So I mean, I captured, you know, him wiggling his finger for the first time; it was Sunday morning at 5:30 in the morning, most beautiful thing I've ever seen in my entire life. And so from that to being able to use the walker to everything else, and every week, I would go back and remind him: Look what you were doing just that long, you know, look how far you've come! Everything else. And it was feeding that Context overall so he could be proud of himself. Right?

Jim Collison 30:13

Yeah, I'd almost like to take these off the wall, put them in the plastic sheet protectors and make, a, you know, like -- did you do it that way? Yeah.

Dawn Landry 30:22

Yeah, I have it. And so because it were the the follow-up of Armored is going to be his story. Originally it was going to be a story of both of our perspectives, but he can't get to that, those feelings and those words just yet. And, but he's getting closer. He's getting much, much closer. But you know, his, his medical team asked me, "How did you do that?" About day 4 or 5, they said, "How did you do that?" And it was only then, because I was so tired. And so just, there was so much coming at me, right? I didn't even acknowledge that it was my strengths that I was using to do it. And then about day 5, when someone said, "How did you know how to do that?" I was like, "Oh, I was using my CliftonStrengths!" I was, I was, this is my Input and Individualization and Ideation in overdrive, right?

Jim Collison 31:13

I love the fact -- and I never would have thought, listen, I've been doing this a long time -- and I never would have thought of posting someone's Top 5 in their, in their hospital room to help the nurses. I mean, think about this. You have new nurses coming in all the time. You know, my son, 9 years ago, had a horrific skiing accident, spent many days in the hospital. We spent a lot of time in Denver, recovering him. And less than it, actually they thought, which was great. It was a miracle all in itself. But I never, there's, there's always new staff coming through, right. And how great that was. Do you feel like, because they rotate through, but you get to know some of them in the process, did you feel like they picked up at all on the strengths language over time?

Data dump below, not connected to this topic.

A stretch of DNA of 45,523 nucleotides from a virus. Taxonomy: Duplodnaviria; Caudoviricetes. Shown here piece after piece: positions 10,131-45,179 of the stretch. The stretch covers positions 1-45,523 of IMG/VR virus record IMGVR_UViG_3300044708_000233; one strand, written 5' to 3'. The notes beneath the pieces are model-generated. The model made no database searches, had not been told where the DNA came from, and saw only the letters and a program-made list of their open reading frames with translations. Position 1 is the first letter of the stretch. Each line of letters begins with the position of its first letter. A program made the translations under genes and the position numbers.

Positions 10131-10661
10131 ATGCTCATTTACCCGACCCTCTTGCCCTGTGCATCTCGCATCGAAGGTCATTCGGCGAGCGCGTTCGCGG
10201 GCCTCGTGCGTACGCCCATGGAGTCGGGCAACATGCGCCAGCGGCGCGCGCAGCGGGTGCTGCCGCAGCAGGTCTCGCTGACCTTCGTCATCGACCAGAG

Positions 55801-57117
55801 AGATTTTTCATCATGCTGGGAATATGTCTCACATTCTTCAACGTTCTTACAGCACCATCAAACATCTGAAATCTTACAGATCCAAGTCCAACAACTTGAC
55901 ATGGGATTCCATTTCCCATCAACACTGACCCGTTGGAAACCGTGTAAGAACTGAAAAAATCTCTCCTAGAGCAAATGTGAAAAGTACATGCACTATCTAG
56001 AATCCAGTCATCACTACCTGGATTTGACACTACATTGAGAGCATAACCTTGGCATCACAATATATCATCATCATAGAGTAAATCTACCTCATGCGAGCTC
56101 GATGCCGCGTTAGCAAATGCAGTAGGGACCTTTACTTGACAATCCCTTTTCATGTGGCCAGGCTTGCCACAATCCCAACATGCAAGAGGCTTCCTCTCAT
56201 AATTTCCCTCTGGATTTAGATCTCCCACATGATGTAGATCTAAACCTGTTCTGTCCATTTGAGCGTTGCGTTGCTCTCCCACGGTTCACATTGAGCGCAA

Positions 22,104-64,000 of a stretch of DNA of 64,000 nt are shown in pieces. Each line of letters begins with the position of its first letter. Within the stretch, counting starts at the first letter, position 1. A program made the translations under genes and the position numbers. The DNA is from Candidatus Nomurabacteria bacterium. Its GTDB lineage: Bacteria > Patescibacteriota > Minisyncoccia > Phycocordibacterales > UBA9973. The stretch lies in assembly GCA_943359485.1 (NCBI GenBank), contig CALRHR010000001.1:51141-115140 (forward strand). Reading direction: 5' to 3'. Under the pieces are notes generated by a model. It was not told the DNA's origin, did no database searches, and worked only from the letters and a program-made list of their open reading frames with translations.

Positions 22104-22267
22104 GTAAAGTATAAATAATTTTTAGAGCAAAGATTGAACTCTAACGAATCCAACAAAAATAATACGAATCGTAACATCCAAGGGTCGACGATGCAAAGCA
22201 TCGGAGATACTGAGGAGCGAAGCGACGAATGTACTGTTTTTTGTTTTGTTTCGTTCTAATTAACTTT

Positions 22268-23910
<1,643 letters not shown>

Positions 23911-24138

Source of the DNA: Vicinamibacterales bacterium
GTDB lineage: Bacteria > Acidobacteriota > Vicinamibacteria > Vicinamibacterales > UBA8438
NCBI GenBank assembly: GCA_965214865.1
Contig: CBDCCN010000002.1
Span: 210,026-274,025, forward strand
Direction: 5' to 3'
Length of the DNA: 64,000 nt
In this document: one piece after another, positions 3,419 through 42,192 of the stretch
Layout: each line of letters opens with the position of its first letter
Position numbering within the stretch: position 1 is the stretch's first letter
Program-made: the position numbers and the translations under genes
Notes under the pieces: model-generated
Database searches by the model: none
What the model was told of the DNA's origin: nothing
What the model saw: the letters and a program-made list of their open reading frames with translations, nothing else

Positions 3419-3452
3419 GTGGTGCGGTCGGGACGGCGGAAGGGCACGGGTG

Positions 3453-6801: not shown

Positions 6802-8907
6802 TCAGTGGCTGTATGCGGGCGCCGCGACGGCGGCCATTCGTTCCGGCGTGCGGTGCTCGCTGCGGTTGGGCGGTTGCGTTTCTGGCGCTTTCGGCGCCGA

Dawn Landry 32:01

They picked up a little, a little bit on it. They were just most impressed that we were that self-aware in terms of knowing how to motivate him. And here's the other thing about putting the pictures up because it personalized him to them. So you're right; there's a, there's a constant recycling of those folks. And so they would, the new team would walk in, and then they'd start looking all over the walls. And so they, they were like, "Where was this? And where was that? And how about that?" And so it personalized him in a different kind of way.

Dawn Landry 32:36

So here's another example, too. We were supposed to have our big Christmas party at our house. His stroke happened on the Tuesday. It happened out of nowhere, basically, which I know a lot of strokes do. We were supposed to have a big party at our house that Saturday. So we were going to have 120 people come to our house for an open house for, to celebrate Christmas. So I had been cooking and baking and everything else for weeks on end.

Dawn Landry 33:01

So I basically started to take some of those goodies, the, especially the baked goods, and I kind of rationed them out throughout the week. So then that way I would give the staff some of the, and so, and so I don't know if you watch Mrs. Maisel on Amazon Prime. But there's a show called Mrs. Maisel; she bakes this pot roast to make her husband stand out. And so, so one of my friends said, "You're so Mrs. Maisel!" And so it was kind of fun in that way, because it was just another way of getting them to remind him -- and I guess it's that Significance, right? It's leaving, me making sure that his legacy continues to stand out.

Jim Collison 33:41

Yeah, no, I think, and man, that's such a great visual picture of, you know, caregivers coming in and them having kind of a documented on the wall. I mean, it serves a bunch of different purposes, right. It's good, it's a good reminder for him. It's a good reminder for you. We did the same thing, where we wrote, we, you know, every other day, we wrote a post, an update on Facebook. I go back into those posts, I can't remember what it felt like or what -- there were moments that we forgot, you know, just in crisis, you forget those moments. And it's not like we go back and reread them all the time. But at the 5-year anniversary, and now coming up on the 10-year anniversary next year, we'll probably go back through those and read them again, and to be reminded.

Jim Collison 34:23

Now you're going to document that in the next book that you do, right. You're going to go back and use that as documentation. But what a great idea to be able to do that. There was a question from the chat room that I wanted to cover about the book. Do you think and I can't find it at the moment. But do you think, you know, certainly your faith is important to you. And, and so your faith is, is very, very prominent in the book. If there was someone who was not a Christian would, would, would you, would this book be OK for them? Is this something you could recommend for someone?